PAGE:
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|Title:||Pediatric hearing impairment caregiver experience: Impact of duration of hearing loss on parental stress||Authors:||Meinzen-Derr, J.
Deaf/hard of hearing children
Pediatric hearing loss
|Issue Date:||Nov-2008||Citation:||Meinzen-Derr, J., Lim, L.H.Y., Choo, D.I., Buyniski, S., Wiley, S. (2008-11). Pediatric hearing impairment caregiver experience: Impact of duration of hearing loss on parental stress. International Journal of Pediatric Otorhinolaryngology 72 (11) : 1693-1703. ScholarBank@NUS Repository. https://doi.org/10.1016/j.ijporl.2008.08.005||Abstract:||Objectives: Caregivers of children who are deaf/hard of hearing have been reported to have greater stress than caregivers of children with normal hearing. The time of diagnosis is a particularly stressful time and stress levels may change over time based on varying needs at different life events. Thus, we hypothesized that stress experienced by caregivers evolves over time and is impacted by the duration since the diagnosis of hearing loss. Methods: The 68-item pediatric hearing impairment caregiver experience (PHICE) is a validated questionnaire used to measure stress. The PHICE was administered to 152 caregivers of children with permanent hearing loss. Domain scores were converted into z-scores for analysis of trends of stress over time. Results: Parents of children whose hearing loss was identified more than 60 months ago reported higher stress levels regarding educational aspects of their child's needs as compared to parents of children with less than 24 months or 24-60 months duration since diagnosis. Parents of children diagnosed with hearing loss within the preceding 24 months reported higher stress levels in the area of healthcare than parents of children diagnosed greater than 24 months ago. Conclusions: Parental stressors change over time with respect to the time of diagnosis of hearing impairment. This phenomenon was observed irrespective of the age of diagnosis of hearing loss. As professionals serving families of children with hearing loss, we should be aware of changing stressors over time and identify the appropriate support services for families to meet those changing needs. By addressing those evolving stressors, the families' ability to support and improve the outcomes for their children who are deaf or hard of hearing may be enhanced. © 2008 Elsevier Ireland Ltd. All rights reserved.||Source Title:||International Journal of Pediatric Otorhinolaryngology||URI:||http://scholarbank.nus.edu.sg/handle/10635/131568||ISSN:||01655876||DOI:||10.1016/j.ijporl.2008.08.005|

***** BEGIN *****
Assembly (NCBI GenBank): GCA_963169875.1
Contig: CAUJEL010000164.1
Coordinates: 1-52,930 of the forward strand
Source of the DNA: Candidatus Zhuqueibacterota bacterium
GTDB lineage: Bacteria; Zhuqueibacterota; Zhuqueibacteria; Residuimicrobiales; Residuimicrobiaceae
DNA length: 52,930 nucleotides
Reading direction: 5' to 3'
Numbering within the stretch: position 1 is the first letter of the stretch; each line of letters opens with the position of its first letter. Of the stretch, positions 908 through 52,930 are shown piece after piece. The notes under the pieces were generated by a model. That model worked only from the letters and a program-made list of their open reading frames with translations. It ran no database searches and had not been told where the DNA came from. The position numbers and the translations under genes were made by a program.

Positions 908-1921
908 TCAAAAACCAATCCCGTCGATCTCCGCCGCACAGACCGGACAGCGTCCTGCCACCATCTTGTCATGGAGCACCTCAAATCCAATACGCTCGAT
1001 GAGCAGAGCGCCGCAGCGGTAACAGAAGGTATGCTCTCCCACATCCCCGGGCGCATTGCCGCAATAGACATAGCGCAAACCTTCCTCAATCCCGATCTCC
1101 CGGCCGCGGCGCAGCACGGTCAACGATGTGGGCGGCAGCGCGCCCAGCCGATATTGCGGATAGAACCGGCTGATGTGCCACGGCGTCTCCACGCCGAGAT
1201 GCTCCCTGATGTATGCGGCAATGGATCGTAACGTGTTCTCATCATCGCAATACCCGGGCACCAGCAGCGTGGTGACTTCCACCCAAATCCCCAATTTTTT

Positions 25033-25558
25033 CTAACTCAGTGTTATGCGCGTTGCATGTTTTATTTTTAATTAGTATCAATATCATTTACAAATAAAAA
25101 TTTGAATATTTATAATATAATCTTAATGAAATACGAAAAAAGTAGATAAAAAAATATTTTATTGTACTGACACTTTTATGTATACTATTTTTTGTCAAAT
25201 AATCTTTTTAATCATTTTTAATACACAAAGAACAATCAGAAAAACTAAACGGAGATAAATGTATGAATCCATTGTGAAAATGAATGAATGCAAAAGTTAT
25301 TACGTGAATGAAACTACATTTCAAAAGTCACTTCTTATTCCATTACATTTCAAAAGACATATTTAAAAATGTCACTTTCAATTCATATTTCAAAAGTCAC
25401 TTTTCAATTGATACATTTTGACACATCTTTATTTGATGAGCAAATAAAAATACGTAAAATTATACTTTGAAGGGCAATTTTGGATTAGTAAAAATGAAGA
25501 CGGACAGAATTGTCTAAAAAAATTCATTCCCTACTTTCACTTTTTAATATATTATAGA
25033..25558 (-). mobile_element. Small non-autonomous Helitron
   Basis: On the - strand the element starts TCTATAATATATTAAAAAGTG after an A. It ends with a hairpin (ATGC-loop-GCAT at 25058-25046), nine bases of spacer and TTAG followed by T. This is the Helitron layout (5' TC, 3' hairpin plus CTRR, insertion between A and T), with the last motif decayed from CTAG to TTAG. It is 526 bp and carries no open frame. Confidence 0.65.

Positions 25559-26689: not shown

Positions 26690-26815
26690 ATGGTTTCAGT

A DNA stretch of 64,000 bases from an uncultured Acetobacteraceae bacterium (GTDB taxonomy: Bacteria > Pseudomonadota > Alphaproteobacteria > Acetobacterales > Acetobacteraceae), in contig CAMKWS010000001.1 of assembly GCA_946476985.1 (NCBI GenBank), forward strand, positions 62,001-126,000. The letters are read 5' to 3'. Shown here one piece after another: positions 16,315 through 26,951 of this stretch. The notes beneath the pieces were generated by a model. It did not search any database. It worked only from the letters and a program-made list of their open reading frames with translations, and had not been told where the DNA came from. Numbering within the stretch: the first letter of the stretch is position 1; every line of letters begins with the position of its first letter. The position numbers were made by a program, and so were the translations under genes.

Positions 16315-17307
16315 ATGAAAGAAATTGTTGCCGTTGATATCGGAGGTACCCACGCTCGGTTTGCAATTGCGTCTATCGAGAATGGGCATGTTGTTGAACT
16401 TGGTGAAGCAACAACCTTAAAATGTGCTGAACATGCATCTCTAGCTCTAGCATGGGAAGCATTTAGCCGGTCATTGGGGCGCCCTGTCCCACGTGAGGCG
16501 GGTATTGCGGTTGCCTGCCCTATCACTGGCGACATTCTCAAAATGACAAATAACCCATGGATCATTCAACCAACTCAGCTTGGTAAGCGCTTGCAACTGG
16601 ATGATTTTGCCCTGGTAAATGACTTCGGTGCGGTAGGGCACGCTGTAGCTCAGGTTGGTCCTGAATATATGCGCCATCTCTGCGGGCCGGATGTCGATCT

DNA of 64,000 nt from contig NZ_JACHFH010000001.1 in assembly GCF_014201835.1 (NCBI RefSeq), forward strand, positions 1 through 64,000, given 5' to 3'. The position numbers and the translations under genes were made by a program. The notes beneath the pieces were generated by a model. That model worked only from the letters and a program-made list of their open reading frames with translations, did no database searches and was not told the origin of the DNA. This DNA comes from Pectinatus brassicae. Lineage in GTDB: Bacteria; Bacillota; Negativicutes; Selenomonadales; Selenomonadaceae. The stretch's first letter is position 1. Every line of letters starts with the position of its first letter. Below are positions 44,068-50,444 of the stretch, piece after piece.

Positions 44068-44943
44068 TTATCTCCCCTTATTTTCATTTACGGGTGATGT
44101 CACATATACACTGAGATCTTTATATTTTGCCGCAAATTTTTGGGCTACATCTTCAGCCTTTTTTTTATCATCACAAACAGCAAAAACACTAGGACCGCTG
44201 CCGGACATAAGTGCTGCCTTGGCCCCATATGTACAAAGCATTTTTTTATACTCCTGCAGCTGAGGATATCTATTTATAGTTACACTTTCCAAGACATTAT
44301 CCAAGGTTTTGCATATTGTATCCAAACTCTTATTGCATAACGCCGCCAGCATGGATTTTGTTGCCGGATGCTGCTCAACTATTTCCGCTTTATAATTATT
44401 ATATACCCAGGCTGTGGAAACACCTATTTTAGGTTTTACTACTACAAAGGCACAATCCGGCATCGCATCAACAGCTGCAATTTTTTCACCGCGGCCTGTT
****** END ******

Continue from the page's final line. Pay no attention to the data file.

|Appears in Collections:||Staff Publications|
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